The NUT leadership called off a strike at Small Heath School to defend victimised rep Simon O’Hara this week—while Simon remained suspended.
Bosses lifted Simon's suspension a few hours later - then promptly suspended him again.
The news came on Tuesday of this week, the day that NUT union members at the school began their fourth three-day strike to demand Simon’s reinstatement.
The NUT should have done the opposite—and escalated the action.
Bosses suspended Simon in January after he helped lead a series of walkouts against academisation.
Furious workers voted overwhelmingly to strike to defend their rep.
Strikers and the national union have always argued that Simon’s suspension was simply an attempt to target an effective union rep.
Teachers have repeatedly showed their willingness to fight.
They overwhelmingly voted to escalate the strikes last week—but the NUT’s national action committee would not agree to the plan.
But the strikers were right to back escalation to pile pressure on bosses.
There is huge support for Simon and real potential to build more. The mood on the picket line was upbeat on Tuesday of this week.
One striker told Socialist Worker, “Everybody’s pretty chipper. More teachers are on the picket line from different schools. And we’ve had more parental support.”
One supporter brought a camping stove to make strikers breakfast.
But strikers wanted their union leaders to make the dispute more high-profile.
One striker told Socialist Worker, “The more it’s in the media, the more pressure there is on the head teacher. It means we go into negotiations feeling that we’ve got a bit more respect.”
Raising the issue in other schools rattled bosses and the local authority. Strikers were buoyed by a Birmingham NUT reps’ meeting on Wednesday of last week.
One said, “I found the meeting very inspiring.
“The brilliant ideas other schools’ union members came up with always awe me, thinking, ‘Why didn’t we think of that?’ It strengthens us if others reassure us we are doing the right thing.”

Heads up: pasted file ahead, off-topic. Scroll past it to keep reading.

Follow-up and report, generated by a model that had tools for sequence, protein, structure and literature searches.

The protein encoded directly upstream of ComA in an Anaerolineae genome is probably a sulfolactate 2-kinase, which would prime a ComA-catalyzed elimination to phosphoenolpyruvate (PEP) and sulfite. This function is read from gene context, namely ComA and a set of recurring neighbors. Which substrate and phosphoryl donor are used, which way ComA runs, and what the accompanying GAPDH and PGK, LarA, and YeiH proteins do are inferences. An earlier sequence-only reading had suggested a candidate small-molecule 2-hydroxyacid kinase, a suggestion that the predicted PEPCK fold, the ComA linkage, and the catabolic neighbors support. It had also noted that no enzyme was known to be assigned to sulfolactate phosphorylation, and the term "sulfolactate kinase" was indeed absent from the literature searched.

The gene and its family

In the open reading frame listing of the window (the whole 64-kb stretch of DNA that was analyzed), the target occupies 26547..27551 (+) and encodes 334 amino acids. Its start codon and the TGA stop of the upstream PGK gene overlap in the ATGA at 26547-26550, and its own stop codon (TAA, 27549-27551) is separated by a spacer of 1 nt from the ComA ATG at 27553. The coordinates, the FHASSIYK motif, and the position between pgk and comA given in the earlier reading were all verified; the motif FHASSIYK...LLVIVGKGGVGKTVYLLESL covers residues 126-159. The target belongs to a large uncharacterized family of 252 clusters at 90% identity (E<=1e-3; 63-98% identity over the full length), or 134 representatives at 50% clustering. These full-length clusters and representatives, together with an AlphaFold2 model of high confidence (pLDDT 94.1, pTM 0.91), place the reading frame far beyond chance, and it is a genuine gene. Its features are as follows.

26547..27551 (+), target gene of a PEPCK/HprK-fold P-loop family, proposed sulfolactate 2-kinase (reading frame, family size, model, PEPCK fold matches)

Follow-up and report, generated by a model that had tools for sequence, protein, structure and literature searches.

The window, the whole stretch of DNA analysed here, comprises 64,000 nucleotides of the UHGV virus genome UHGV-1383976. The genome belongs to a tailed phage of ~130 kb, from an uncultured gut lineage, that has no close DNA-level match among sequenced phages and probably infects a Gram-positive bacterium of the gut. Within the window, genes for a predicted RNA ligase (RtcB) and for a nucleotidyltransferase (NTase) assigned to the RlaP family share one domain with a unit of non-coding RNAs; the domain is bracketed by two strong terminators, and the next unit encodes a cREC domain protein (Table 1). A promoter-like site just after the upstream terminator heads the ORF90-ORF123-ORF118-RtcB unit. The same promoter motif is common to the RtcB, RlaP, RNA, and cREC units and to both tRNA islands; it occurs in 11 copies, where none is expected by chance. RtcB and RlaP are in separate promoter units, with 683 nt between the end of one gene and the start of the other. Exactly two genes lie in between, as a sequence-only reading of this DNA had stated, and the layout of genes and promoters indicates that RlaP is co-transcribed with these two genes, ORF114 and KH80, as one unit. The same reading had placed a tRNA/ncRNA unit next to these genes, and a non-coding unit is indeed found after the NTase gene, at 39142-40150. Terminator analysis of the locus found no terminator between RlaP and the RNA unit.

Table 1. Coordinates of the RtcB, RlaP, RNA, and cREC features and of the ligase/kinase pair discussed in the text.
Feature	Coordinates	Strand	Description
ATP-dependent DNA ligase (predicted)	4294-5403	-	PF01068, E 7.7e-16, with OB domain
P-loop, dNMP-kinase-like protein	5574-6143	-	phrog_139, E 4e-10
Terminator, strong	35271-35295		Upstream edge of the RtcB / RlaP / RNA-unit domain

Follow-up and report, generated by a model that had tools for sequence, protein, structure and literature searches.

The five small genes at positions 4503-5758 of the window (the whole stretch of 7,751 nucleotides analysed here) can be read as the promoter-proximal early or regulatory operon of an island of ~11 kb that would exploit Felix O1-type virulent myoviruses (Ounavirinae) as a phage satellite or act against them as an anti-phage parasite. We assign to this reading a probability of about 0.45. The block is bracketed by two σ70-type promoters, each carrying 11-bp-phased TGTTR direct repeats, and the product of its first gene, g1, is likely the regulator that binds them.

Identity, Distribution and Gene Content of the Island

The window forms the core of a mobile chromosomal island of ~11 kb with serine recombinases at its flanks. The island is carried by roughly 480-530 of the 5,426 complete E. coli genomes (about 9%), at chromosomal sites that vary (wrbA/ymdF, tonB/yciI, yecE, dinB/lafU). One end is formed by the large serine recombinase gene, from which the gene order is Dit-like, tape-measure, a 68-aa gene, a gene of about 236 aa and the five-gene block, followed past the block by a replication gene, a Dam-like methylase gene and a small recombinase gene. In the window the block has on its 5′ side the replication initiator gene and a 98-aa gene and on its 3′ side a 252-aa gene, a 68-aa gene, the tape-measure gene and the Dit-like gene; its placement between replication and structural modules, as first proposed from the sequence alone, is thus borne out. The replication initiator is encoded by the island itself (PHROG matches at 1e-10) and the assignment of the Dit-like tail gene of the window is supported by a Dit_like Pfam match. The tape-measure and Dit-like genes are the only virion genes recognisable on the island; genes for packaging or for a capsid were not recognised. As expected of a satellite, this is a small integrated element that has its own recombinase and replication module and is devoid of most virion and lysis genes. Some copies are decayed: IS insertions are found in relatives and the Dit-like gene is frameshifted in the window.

Simon spoke to around 110 people at a Sandwell Unison union meeting on Thursday of last week. He was “cheered to the rafters”, one union member said.
And Simon spoke to a meeting of North Birmingham Momentum on Monday of this week.
People there were appalled at Labour MP Shabana Mahmood and Labour councillor Brigid Jones, who said workers are wrong to strike.
Birmingham NUT had called a national “Do Something For Simon” day on Wednesday 16 March.
All of this shows the scale of the support for Simon.
Simon’s victimisation is not just about one rep (see below). It’s about defending union rights.
The national union should make the fight at Small Heath a national fight. As one teacher put it, “This dispute can be won.”
Bosses try to weaken unions
Simon O’Hara is an effective union rep. He won an NUT award last year for organising the Small Heath anti-academy campaign.
Bosses have targeted him because they want to weaken the union and push through attacks.
A defeat at Small Heath would give bosses everywhere a green light to go on the offensive.
One sign of what’s at stake came from John Roan school in Greenwich, south east London. NUT members there are preparing for action against a proposed academy conversion.
Now bosses are threatening job losses—including the NUT rep.
Morgan’s attack on school funding will ‘hit cities hard’
Tory education secretary Nicky Morgan has unveiled a new attack on school funding. She claimed a new “Funding Formula” will mean schools get funding that “genuinely matches their need”.
But the NUT union said the proposals “will impose huge funding cuts on many schools unless additional funding is made available”.
NUT general secretary Christine Blower cited figures showing that “schools in many cities would be hit particularly hard”.
She accused the government of “trying to avoid disclosing the cuts facing London schools in advance of the Mayoral election. None of our schools is over-funded, so reallocating inadequate resources will simply shunt funding problems around the school system.”
The Tory plan also means local authorities would no longer be involved in the process of school funding.